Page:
CSUN English Professor Wins Prestigious National Award for Book

English professor Iswari Pandey speaks at an international conference on writing research. Photo courtesy of Iswari Pandey.

English professor Iswari Pandey speaks at an international conference on writing research. Photo courtesy of Iswari Pandey.

Iswari Pandey, a professor of English at California State University, Northridge, has won the 2017 Advancement of Knowledge Award for his book “South Asian in the Mid-South: Migrations of Literacies from the Conference on College Composition and Communication (CCCC) and the National Council of Teachers of English (NCTE).

Pandey’s book analyzes how recent South Asian immigrants form and transform their language and cultural practices as a result of migration and contact with other cultures in the United States. He interviewed more than 70 immigrants representing different walks of life and faith traditions — including Hindus, Buddhists and Muslims — and observed cultural and educational practices at community spaces, as well as presentations by these community members at religious and secular institutions.

Writing the book in its current format was not his original plan, Pandey said.

“I originally wanted to do a case study, but as I gathered my information, I was getting deeper into the thick of things — deeper into a treasure trove of knowledge about how languages and cultures are recreated as a result of relocation,” Pandey said. “The immigrants were not simply importing their cultures to their new homes. They were also heavily invested in reshaping what their authentic culture should be like, discussing and interpreting different texts, to select the most appropriate ones for their children’s literacy education in relation to history and contemporary culture.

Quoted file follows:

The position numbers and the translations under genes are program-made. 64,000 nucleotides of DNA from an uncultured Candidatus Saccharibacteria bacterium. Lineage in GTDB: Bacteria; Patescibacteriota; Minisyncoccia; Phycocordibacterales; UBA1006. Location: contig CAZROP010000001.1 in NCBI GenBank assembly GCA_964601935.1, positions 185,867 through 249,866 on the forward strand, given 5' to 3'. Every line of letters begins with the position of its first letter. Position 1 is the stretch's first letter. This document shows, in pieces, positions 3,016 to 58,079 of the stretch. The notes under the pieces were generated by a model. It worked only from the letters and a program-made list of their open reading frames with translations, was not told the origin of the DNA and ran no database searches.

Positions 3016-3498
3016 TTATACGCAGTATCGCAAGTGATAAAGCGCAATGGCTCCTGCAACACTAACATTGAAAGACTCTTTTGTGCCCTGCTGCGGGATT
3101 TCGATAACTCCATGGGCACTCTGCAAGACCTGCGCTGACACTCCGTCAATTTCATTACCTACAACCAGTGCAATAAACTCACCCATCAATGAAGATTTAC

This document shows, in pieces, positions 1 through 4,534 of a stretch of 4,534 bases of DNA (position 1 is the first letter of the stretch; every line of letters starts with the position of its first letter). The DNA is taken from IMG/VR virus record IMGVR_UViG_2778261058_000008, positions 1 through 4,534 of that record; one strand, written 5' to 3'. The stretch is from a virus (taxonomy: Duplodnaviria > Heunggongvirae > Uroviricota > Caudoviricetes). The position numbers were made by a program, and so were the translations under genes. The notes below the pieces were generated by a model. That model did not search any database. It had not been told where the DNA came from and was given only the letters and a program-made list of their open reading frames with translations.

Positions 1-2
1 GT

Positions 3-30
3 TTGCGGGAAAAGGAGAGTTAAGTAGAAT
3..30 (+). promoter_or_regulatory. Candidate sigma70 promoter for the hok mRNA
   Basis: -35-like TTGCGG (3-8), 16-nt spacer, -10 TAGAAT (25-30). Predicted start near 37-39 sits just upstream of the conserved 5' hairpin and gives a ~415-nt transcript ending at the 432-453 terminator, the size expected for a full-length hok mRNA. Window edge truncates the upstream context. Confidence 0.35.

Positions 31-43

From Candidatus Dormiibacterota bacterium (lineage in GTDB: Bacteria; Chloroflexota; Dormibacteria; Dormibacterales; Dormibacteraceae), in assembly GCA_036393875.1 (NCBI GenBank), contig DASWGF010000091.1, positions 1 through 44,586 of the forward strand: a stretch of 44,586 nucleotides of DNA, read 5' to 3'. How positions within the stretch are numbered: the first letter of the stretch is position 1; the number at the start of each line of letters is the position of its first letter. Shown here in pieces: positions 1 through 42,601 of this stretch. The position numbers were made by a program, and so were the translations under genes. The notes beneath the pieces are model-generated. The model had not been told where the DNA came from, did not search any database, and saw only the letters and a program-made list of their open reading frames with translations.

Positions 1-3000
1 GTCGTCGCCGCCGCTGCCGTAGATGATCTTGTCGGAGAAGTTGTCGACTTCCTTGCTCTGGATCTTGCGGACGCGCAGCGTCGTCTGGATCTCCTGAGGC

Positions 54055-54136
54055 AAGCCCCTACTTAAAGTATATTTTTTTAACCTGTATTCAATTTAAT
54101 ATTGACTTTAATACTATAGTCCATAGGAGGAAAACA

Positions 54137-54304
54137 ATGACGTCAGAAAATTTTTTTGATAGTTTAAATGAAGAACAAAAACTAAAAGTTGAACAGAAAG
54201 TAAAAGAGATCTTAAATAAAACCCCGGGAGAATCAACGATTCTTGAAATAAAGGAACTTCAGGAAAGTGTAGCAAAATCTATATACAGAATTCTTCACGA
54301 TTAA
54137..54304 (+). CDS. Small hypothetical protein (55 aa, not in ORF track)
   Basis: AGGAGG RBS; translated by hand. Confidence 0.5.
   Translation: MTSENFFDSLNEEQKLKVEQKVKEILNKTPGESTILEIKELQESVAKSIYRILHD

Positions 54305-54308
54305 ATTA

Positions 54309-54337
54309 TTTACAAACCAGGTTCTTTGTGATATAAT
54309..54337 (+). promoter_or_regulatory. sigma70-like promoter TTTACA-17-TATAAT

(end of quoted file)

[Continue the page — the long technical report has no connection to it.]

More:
“The central concern of this book is how literacies migrate and how immigrants invent and reinvent — or define and redefine — their identities as people belonging to multiple spaces and cultures,” he said. “They work to understand this multiplicity and recast their own identities, while ensuring that their children feel the same connection through language and other cultural practices.”

Some of the practices Pandey observed during his research surprised him. He said they challenge the accepted wisdom that immigrants, especially the first generation, bring their native culture and eventually blend into the “melting pot” by the third generation. The book also tackles technology’s effects on this paradigm shift.

Immigrants use today’s connected global society as an asset, to share their experiences across cultures, he said.

“With globalization and new technologies, there’s a two-way exchange of culture and information that has tremendous implications for how cultures transform and language learning takes place today,” he said.

According to a press release from the NCTE, the Advancement of Knowledge Award honors “an empirical research publication in the previous two years that most advances writing studies.” The award selection committee praised Pandey’s work as a “robust, engaging read” that articulates a “viable and adaptable methodology to study literacy in motion.” He will accept the award at the 2017 CCCC Annual Convention on March 17 in Portland, Ore.

He said he feels honored to receive the award and have his research recognized. He is working on two new books — one focused on global English practices, especially how the language is learned by marginalized student populations labeled “remedial” in higher education. The second book is centered on non-Western rhetoric and knowledge systems, primarily in South Asia.

Pandey, who earned a Ph.D. at the University of Louisville, has taught in the U.S. and his native Nepal. He joined the faculty at CSUN in 2013 and has taught courses in writing, rhetoric and postcolonial studies, while also directing the English program in business and professional communication.

His love of teaching diverse students and the value of writing instruction serve as Pandey’s major motivations, he said.

“Teaching writing is one of the rare opportunities where by the end of a semester, I begin to see tangible results in my students’ work,” he said. “Writing is essential to so many things we do in a democratic, documentary society, and I’ve always loved teaching and just being with students in the classroom or out in the community.”

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